Q&A with Aboriginal cellist Cris Derksen

From UBC student to globe-trotting, Juno-nominated musician.

Q&A with Aboriginal cellist Cris Derksen
CategoryAlumni
NameCris Derksen
FromEdmonton, AB | Cree
ProgramBachelor of Music, Cello Performance

Music alumna and Aboriginal cellist Cris Derksen went from student to world-travelling performer. She’s toured with Canadian Inuk throat singer Tanya Tagaq, written music for the CBC, and been nominated for a Juno Award

After graduating from UBC with a Bachelor of Music in Cello Performance, in 2007, Aboriginal cellist Cris Derksen moved to Toronto to pursue a career in music. The Juno Award-nominated performer and composer started playing the cello with the Edmonton Public String Program when she was just 10 years old. “I knew in Grade 11 that I wanted to be a cellist,” she says. “I went to an arts high school and there were lots of potential actors, but I was the only potential cellist. I knew then that I had a niche and I should stick to it.”

These days Cris spends most of her time on the road as a touring musician, and hard at work composing music for various projects, such as TV series and films. After playing shows across Canada for the past several months, she ended her summer in Sweden, and is now gearing up for fall and winter tours.

She released her third studio album – Orchestral Powwow, which was nominated for the 2016 Instrumental Album of the Year Juno Award – in 2015. We talked to Cris about her career highlights so far, how UBC figured into her musical evolution, and what it’s like to be nominated for a Juno Award.


What made you choose UBC? 

I did a few years at the University of Alberta, and UBC had multiple advantages. The calibre of playing at UBC was higher and more competitive, the weather was significantly better than Alberta, and the orchestra rehearses in the beautiful Chan Centre – all wins in my books.


In what ways did your UBC education and experience help prepare you for what you do now?

I went to UBC to get the performance skills to perform the music I wanted to create in a professional manner. It taught me how to practise, and how to time manage the day-to-day performance life. It also taught me that I didn’t want a career in the typical classical musical world that most instrumentalists go to after graduation. I wanted to choose my own musical path.

 

“The Chan Centre is a special place to perform and hear music live. UBC is so fortunate to have that gem.” – Cris Derksen, Bachelor of Music, Cello Performance ’07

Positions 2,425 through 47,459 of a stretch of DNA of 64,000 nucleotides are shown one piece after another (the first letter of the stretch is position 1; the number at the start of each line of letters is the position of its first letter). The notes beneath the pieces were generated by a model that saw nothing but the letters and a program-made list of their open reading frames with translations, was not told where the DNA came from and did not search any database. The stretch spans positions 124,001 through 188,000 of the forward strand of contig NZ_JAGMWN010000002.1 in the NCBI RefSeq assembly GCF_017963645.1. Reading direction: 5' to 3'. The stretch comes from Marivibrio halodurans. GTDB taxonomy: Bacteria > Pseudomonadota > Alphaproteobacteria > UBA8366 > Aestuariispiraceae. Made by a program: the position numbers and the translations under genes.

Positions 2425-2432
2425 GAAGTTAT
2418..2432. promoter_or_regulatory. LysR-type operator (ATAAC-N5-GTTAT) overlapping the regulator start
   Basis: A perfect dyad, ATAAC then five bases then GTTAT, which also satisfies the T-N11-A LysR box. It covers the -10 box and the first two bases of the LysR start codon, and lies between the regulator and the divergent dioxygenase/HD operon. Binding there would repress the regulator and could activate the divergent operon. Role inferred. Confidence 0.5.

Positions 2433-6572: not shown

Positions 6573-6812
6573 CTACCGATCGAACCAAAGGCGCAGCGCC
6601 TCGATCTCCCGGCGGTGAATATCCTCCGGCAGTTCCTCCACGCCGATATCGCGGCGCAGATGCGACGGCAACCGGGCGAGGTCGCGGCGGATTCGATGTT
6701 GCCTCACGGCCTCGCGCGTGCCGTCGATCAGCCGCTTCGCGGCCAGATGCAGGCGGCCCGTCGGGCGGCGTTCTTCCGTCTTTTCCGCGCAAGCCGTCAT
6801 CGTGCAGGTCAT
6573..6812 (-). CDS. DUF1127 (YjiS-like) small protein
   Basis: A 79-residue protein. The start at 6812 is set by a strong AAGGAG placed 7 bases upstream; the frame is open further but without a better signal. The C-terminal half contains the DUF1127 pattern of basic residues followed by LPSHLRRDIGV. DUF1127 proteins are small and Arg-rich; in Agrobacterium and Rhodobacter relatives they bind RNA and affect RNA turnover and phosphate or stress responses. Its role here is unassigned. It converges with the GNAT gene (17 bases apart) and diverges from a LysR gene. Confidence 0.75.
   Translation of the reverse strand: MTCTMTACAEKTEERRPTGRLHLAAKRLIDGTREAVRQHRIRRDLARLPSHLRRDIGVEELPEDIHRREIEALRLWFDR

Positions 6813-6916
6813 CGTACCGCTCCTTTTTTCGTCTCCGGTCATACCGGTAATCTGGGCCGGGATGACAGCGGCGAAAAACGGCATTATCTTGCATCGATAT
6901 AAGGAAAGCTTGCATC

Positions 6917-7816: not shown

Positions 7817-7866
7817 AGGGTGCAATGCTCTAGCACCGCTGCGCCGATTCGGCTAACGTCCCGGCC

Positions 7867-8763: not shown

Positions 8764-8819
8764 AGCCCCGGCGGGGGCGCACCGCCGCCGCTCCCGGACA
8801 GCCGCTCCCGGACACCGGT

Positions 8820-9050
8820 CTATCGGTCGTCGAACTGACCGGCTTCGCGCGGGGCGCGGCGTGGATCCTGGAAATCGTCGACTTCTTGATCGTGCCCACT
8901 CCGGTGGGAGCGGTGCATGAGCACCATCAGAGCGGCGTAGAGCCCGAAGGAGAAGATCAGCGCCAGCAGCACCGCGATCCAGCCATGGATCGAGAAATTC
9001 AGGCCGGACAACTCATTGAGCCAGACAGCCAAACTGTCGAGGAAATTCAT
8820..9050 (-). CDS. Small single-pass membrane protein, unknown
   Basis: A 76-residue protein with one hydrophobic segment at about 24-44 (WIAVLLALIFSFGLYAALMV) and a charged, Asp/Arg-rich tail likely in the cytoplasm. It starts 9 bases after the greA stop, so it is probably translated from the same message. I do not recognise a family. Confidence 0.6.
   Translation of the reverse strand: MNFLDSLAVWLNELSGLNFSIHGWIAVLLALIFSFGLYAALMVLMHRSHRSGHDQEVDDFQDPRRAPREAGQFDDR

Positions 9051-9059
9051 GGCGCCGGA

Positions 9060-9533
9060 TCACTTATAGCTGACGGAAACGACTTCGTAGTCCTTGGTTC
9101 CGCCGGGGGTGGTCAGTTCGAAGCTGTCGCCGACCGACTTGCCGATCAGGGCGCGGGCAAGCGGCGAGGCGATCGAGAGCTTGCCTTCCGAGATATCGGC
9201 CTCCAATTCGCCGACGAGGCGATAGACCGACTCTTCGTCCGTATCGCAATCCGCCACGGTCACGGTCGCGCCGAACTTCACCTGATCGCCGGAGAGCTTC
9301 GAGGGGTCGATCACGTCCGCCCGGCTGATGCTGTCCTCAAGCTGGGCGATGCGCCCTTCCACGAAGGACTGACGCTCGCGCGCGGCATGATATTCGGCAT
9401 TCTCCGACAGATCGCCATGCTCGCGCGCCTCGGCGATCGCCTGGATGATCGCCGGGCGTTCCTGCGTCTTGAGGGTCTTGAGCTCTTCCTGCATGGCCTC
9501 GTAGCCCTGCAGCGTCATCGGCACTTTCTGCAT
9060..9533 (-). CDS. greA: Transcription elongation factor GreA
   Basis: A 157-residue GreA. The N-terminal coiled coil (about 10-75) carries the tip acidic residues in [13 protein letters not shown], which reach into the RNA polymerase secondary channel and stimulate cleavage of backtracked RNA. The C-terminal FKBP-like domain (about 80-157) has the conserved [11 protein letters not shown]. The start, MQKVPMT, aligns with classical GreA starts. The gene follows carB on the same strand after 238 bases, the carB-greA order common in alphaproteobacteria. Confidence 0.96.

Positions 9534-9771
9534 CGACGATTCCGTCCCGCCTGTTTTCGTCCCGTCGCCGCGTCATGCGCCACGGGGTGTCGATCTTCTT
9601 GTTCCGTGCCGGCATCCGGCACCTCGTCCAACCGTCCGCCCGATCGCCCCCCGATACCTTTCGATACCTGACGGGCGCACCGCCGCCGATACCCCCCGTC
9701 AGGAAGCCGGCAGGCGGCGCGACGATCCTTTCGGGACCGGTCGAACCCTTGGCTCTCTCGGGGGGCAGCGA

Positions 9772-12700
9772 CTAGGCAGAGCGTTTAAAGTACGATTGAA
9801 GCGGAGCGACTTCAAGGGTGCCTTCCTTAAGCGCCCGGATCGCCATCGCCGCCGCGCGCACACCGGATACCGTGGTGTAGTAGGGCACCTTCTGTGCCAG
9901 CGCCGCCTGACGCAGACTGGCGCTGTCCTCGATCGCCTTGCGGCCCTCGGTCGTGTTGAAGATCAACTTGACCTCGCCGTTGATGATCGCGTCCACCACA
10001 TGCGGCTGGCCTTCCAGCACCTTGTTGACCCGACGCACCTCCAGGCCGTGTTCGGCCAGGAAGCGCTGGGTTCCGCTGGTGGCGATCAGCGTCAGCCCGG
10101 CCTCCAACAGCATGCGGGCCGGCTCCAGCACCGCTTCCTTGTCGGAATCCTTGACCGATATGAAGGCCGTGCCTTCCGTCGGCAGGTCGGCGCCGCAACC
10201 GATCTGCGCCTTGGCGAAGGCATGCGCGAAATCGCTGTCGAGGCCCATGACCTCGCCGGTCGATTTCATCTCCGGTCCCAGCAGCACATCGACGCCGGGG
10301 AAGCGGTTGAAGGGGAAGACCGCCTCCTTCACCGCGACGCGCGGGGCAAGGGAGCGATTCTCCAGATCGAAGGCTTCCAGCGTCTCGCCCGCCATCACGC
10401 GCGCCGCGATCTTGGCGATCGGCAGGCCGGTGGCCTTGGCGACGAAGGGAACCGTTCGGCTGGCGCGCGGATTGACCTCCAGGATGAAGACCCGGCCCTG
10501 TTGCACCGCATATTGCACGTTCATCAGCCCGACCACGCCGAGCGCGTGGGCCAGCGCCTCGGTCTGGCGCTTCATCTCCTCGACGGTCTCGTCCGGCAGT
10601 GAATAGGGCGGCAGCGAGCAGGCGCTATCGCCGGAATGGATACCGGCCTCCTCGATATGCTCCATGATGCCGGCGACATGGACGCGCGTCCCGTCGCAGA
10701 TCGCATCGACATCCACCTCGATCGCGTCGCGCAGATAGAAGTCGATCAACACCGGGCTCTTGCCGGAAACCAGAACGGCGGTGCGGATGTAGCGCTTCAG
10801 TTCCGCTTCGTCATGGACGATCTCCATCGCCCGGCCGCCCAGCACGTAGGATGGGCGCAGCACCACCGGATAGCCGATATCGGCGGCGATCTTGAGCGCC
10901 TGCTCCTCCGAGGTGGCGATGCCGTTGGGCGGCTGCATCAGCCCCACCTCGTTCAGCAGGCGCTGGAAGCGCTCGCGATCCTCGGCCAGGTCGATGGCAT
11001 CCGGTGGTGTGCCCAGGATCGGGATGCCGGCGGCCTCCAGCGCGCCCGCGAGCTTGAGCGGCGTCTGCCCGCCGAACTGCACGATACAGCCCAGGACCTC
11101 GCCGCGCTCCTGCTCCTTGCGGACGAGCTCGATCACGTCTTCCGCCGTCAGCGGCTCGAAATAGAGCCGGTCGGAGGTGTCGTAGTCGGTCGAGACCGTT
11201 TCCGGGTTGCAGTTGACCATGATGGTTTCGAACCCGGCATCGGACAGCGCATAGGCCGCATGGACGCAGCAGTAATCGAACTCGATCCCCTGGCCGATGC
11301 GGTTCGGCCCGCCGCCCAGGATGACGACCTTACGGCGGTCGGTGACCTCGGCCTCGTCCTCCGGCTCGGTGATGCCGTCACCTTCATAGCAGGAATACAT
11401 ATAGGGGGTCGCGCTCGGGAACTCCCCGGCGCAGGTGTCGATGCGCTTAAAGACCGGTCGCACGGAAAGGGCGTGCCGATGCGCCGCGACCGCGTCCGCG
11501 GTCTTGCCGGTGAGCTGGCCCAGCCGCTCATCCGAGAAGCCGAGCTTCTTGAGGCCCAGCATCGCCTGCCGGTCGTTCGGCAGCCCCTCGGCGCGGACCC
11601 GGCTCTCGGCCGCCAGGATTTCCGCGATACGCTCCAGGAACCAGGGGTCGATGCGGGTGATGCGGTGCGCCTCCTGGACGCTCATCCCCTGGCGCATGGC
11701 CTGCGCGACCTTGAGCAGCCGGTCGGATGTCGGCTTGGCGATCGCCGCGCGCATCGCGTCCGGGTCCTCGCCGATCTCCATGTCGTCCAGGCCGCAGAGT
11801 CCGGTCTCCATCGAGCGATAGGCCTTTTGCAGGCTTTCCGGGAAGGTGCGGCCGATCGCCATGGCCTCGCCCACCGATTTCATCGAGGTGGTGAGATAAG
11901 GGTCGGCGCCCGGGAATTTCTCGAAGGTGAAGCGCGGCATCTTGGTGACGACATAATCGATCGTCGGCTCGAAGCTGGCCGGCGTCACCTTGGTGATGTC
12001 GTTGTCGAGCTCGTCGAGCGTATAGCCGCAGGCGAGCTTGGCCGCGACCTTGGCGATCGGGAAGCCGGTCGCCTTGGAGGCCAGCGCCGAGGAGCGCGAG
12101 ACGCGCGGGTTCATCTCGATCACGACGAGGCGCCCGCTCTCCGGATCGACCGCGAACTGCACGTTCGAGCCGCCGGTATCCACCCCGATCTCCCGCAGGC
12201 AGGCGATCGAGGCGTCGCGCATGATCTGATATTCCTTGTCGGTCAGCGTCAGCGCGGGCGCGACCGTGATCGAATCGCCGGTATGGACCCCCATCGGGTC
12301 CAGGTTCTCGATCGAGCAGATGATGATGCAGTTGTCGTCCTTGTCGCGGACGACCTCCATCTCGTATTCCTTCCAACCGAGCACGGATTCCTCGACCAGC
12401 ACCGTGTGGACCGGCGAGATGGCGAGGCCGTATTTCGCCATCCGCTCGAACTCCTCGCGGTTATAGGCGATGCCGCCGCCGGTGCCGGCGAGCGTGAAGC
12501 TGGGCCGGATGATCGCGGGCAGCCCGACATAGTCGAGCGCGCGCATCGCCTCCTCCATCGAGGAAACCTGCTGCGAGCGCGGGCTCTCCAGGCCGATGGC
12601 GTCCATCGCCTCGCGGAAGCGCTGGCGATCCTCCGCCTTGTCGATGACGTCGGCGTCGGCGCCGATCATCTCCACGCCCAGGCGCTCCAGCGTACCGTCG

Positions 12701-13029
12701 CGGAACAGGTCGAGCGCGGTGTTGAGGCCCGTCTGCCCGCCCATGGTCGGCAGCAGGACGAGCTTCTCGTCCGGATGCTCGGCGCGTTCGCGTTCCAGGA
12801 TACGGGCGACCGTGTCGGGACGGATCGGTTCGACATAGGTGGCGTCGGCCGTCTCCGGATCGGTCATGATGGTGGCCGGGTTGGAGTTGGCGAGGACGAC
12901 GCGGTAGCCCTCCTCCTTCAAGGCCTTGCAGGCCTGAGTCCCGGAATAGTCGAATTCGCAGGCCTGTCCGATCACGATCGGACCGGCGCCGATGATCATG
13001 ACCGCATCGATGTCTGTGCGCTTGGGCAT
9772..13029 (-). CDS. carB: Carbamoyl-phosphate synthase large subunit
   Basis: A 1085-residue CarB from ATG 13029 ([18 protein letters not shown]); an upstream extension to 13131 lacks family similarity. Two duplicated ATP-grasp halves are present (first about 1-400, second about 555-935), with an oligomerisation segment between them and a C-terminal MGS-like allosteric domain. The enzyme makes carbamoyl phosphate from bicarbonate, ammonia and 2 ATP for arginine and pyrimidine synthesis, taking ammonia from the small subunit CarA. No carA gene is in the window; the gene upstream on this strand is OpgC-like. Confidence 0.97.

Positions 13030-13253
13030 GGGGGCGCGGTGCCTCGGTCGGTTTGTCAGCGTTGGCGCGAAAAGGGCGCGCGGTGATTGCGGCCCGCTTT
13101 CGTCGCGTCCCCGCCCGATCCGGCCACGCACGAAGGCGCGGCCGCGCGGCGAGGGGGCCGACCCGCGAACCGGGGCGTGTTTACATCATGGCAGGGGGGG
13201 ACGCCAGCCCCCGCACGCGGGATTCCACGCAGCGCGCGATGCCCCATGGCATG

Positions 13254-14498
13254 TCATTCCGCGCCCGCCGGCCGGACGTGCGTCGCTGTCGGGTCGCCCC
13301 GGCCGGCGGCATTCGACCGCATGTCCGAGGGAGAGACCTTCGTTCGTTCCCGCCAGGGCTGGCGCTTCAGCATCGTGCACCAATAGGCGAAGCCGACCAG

How would you describe your music? 

I’m an Aboriginal classically trained electro­-cellist. Basically that means I’m pan-genres and fit into all the boxes of musical genres. My major influences include my friends, nature, classical idioms, traditional Aboriginal idioms, and my own heart. I like to explore pretty much everything around me and translate it into something relatable on a cello.


What stands out about your time at UBC? 

Dr. Bob [Pritchard] is kind of amazing – he thinks way outside the box, and it’s hard not to love and respect him. I also did a super great course in Business in Music with Sal Ferreras. I truly think every musician needs to take a business in music course. It is so integral for being a working musician.


In your opinion, what makes UBC distinctive from other universities? 

The Chan Centre is a special place to perform and hear music live. UBC is so fortunate to have that gem. Also, Vancouver weather is totally amazing.


Tell us a little bit about your music career and some of the highlights so far.

My cello and I have been on some super amazing adventures. The quick highlights have been performing internationally for three-and-half years with Inuit throat singer Tanya Tagaq, before embarking on my own solo career. Becoming friends with the iconic singer-songwriter Buffy Sainte-Marie, and having her be my mentor over a year is special to me.

Composing music for the CBC’s 8th Fire series was a challenging feat – so is all composition for dance, theatre, film, and TV. Turning someone’s vision into their soundscape is pretty adventurous. And of course this year’s Canadian recognition has been amazing, with performances in New York City, Australia, and work in Mexico, all before the Juno Awards in April. I was nominated in the Instrumental Album of the Year category for my third studio album, called Orchestral Powwow, which is how it sounds – symphonic works with traditional Aboriginal music.


What was it like to find out you were nominated for a Juno? 

I knew I was creating a gem of music while I was composing this, as “Aboriginal” music hasn’t really been showcased in the classical world, with an Aboriginal artist being front and centre in the project – especially with a female Aboriginal composer. We are rare entities within classical music.


What’s next on the horizon for you?

It’s been a busy year. I go to Montreal on Wednesday for three weeks, with some other shows in Saskatoon during the same time. I have a 90-minute documentary on my plate, and then the summer festival season starts up seeing me in multiple Canadian cities. I’ll end the summer in Sweden before gearing up for fall and winter tours.

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